Uber's license to operate in London won't be renewed

Sadiq Khan says Britain shouldn't roll out the red carpet to US President Donald Trump

Uber was first licensed to operate in the city in 2012 and will see its current license expire on September 30.

In India, the case is different from other markets – Uber's own drivers have protested that fares are too low and they don't make enough for a decent livelihood.

"Drivers who use Uber are licensed by Transport for London and have been through the same enhanced DBS background checks as black cab drivers".

"This ban shows the world that London is far from being open and is closed to innovative companies, who bring choice to consumers and work opportunities to those who need them".

"However, all companies in London must play by the rules and adhere to the high standards we expect - particularly when it comes to the safety of customers".

According to a report by Bloomberg, the petition published on the website is addressed to the #Mayor Of London Sadiq Khan and asks him to overturn the decision taken by TfL.

As Uber vows to appeal the decision, backed by more than 140,000 people who have signed an online petition, licensing authorities in Leeds have said they are "monitoring developments", calling for stricter regulation nationwide.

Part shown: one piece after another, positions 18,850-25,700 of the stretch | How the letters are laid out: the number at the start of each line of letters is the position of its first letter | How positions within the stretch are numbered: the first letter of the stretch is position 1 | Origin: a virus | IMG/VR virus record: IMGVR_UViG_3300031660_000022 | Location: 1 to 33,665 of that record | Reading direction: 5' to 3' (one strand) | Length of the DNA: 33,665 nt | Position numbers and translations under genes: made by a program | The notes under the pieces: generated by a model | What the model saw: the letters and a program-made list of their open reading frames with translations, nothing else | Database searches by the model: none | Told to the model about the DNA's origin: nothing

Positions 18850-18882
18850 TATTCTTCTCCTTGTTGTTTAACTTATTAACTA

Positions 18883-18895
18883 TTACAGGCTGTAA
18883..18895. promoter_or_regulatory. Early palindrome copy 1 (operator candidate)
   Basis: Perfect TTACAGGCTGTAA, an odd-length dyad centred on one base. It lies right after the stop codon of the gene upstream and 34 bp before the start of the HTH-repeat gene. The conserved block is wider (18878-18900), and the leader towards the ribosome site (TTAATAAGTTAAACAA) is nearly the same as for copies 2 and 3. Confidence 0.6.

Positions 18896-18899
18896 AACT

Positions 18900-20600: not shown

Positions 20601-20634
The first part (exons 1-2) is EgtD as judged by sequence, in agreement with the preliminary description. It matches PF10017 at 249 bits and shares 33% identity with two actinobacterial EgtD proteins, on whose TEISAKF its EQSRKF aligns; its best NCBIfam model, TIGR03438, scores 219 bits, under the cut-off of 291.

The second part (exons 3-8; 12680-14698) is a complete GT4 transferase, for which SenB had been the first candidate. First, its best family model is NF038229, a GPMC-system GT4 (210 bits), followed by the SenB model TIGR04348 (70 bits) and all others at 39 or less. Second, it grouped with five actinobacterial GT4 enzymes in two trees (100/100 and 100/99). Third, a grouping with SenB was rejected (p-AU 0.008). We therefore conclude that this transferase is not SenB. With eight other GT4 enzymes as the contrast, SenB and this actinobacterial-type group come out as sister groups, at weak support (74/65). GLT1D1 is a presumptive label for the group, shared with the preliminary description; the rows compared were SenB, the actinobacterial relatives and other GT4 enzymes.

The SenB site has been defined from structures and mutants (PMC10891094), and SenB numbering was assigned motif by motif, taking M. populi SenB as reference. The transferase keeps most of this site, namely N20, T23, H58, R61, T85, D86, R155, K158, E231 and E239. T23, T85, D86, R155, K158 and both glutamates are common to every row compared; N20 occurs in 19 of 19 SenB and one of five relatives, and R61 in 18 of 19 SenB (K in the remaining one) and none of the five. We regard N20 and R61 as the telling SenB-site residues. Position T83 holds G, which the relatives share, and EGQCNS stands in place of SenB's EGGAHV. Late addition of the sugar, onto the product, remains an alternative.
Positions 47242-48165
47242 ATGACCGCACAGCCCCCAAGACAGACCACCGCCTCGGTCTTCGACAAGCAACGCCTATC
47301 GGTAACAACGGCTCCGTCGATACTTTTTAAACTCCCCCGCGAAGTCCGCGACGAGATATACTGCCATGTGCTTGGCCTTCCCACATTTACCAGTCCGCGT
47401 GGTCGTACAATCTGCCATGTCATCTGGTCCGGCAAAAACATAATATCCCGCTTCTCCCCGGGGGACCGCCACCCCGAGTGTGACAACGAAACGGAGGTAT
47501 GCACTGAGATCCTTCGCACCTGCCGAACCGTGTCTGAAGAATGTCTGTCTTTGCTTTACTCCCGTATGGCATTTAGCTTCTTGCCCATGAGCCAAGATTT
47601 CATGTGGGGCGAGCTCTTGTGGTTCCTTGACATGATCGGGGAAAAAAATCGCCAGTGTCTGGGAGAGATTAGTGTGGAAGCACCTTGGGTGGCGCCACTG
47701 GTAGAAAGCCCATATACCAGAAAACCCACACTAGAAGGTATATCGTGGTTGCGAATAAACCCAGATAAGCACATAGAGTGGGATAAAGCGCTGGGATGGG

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A British government minister has criticised the London authorities for deciding to strip Uber of its taxi licence, a major setback to the USA technology firm that has become a big player in the city's transport system.

A Bradford Council spokesperson said on Friday afternoon: "We will continue to monitor Uber's licence to operate in the district, as we do with all operators".

Yaseen Aslam, President of United Private Hire Drivers union said thousands of Uber drivers face financial hardship as many are trapped in long term hire purchase agreements on their vehicles.

TFL said it was revoking the license because Uber demonstrated "a lack of corporate responsibility in relation to a number of issues which have potential public safety and security implications". But the Mayor of London today stood by the move saying passengers' safety and security were paramount and that the anger should be directed at Uber. He added that Uber would "immediately challenge" the decision in court.

"As Mayor of London I welcome innovative new companies that help Londoners by providing a better and more affordable service - but providing an innovative service is not an excuse for not following the rules".

A survey of 80 global cities in July, found that London's taxis were the sixth most expensive in the world, behind only two Swiss cities, Tokyo, Copenhagen and Helsinki.

Although it is for British authorities to decide, Ross insisted that "Uber is a wonderful invention", and the problem is "London cabbies have been slow in adjusting to the new system".